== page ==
Girish Gupta

HOME

BY COUNTRY

Brazil
Colombia
Cuba
Ecuador
Egypt
Guyana
Iraq
Jordan
Lebanon
Mexico
United Kingdom
Venezuela

BY MEDIUM

Text
Photo
Radio
TV/Video

BY PUBLISHER

Al Jazeera
BBC
BuzzFeed
CBC
Christian Science Monitor
CNN
Daily Mail
Datum
Ecologist
Economist Intelligence Unit
Emerging Markets
Financial Times
Foreign Policy
France 24
Fusion
GlobalPost
Guardian
Independent
La Prensa (Panama)
LatinFinance
Mancunion
Monocle
National (Abu Dhabi)
New Internationalist
New Statesman
New York Times
New Yorker
NPR
PBS
PRI
Radio France Internationale
Reuters
RTE
Sky News
Sun
Sunday Times
Telegraph
TIME
Times of London
USA Today
Vice
WLRN

ABOUT

About
CV
Contact (PGP Key)

Twitter
Facebook
LinkedIn
Yet another minister resigns from Brazil government
Feb. 3, 2012

Published by GlobalPost

A seventh minister has resigned from the government of Brazilian President Dilma Rousseff amid charges of corruption.

Cities Minister Mario Negromonte handed in his resignation yesterday after the Folha de Sao Paulo newspaper added to claims that he had awarded public works contracts to companies which helped finance his political party, reports the BBC.

October saw the resignation of Sports Minister Orlando Silva, accused of embezzling around $23 million from ministry coffers over eight years. The early half of last year also saw the resignations of Transport Minister Alfredo Nascimento and Chief of Staff Antonio Palocci.

Rousseff's government came into power in January 2010 and since is seen as having taken a tougher line on corruption by supporters though as a political novice, unable to control her cabinet, by critics.

The 64-year-old president is judged against her predecessor, the immensely popular Luiz Inácio Lula da Silva who is credited with 2010's 7.5 percent GDP growth.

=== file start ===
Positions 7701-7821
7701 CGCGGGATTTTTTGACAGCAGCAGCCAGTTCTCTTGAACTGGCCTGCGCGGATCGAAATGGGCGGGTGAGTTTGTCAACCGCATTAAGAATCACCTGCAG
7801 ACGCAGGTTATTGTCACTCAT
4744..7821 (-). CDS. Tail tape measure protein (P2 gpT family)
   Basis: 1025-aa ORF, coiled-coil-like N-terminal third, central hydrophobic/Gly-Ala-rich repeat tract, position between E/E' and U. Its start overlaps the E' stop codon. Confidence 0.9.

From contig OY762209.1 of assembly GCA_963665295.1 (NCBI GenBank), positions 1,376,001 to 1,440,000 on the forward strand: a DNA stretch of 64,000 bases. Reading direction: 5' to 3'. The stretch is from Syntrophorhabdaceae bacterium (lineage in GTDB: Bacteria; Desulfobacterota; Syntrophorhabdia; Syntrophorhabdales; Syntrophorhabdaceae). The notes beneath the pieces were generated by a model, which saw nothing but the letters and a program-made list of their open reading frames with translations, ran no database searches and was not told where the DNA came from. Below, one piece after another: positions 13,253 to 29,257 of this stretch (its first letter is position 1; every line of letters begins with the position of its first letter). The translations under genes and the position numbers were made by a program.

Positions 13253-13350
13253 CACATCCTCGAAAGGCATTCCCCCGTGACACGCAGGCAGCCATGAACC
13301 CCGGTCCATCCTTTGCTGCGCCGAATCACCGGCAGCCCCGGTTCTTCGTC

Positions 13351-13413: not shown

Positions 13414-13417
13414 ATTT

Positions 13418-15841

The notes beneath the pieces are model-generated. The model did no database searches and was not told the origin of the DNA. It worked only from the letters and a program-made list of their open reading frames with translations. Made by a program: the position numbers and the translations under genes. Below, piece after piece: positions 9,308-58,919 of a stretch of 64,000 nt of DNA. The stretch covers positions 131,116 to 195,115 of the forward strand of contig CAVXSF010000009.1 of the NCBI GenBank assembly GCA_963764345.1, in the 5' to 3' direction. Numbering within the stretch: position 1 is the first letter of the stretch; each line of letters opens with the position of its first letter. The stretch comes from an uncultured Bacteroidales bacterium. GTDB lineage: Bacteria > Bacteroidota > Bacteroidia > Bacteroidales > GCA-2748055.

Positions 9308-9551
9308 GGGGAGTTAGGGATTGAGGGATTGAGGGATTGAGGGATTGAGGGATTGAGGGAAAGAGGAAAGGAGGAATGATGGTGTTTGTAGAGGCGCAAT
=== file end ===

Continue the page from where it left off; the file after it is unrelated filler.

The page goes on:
Read more: President Rousseff's new rules

“Rousseff,” wrote The Economist, “was considered by many to be a placeholder president, keeping the lights on at the Planalto palace until her former boss returned.”

However, coupled with Lula's cancer and her own popularity ratings of above 70 percent, Rousseff looks to be much more than a placeholder.

Read more: Brazil’s Lula has throat cancer

She began this week in Cuba, meeting with Fidel Castro, a man she admired as a youngster though whose political path she has now ventured away from as a member of Latin America's more moderate Left. Still, Rousseff is keen to build financial bridges with Cuba.

The tour then took the Brazilian leader to Haiti for talks focusing on how Brazil would deal with Haitian refugees following the January 2010 earthquake there.

Read more: Haiti earthquake refugees flee to Brazil




More...

Brazil's World Cup Raises Fear of Rampant Child Prostitution
Dec. 12, 2013


Maracana stadium is focus of football and protests in Brazil
Jul. 1, 2013


Brazil protests run gamut from health care to World Cup
Jun. 23, 2013


Brazilians angry over taxes, corruption take to streets
Jun. 18, 2013


Brazil's Protests: Social Inequality and World Cup Spending Fuel Mass Unrest
Jun. 18, 2013


Brazil's growth has a monkey on its back
May. 29, 2012


Second Chevron oil spill in Brazil halts production
Mar. 16, 2012


Mixed Carnival for Brazil's Largest Companies
Feb. 23, 2012


Brazil and Mexico Look to Rewrite Auto Trade Pact
Feb. 6, 2012


Yet another minister resigns from Brazil government
Feb. 3, 2012


Brazil Prosecutors Move Forward in Chevron Oil Spill Case
Jan. 30, 2012


British Visit to Brazil Overshadowed by Falklands Dispute
Jan. 20, 2012


Brazil Pesticide Use Sends Orange Juice Prices to Record Highs as FDA Threatens Ban
Jan. 13, 2012


Brazil Overtakes UK, Looks Forward to 2012
Jan. 5, 2012


Chevron, Transocean Face $10 Billion Fine in Brazil Oil Suit
Dec. 16, 2011








© Girish Gupta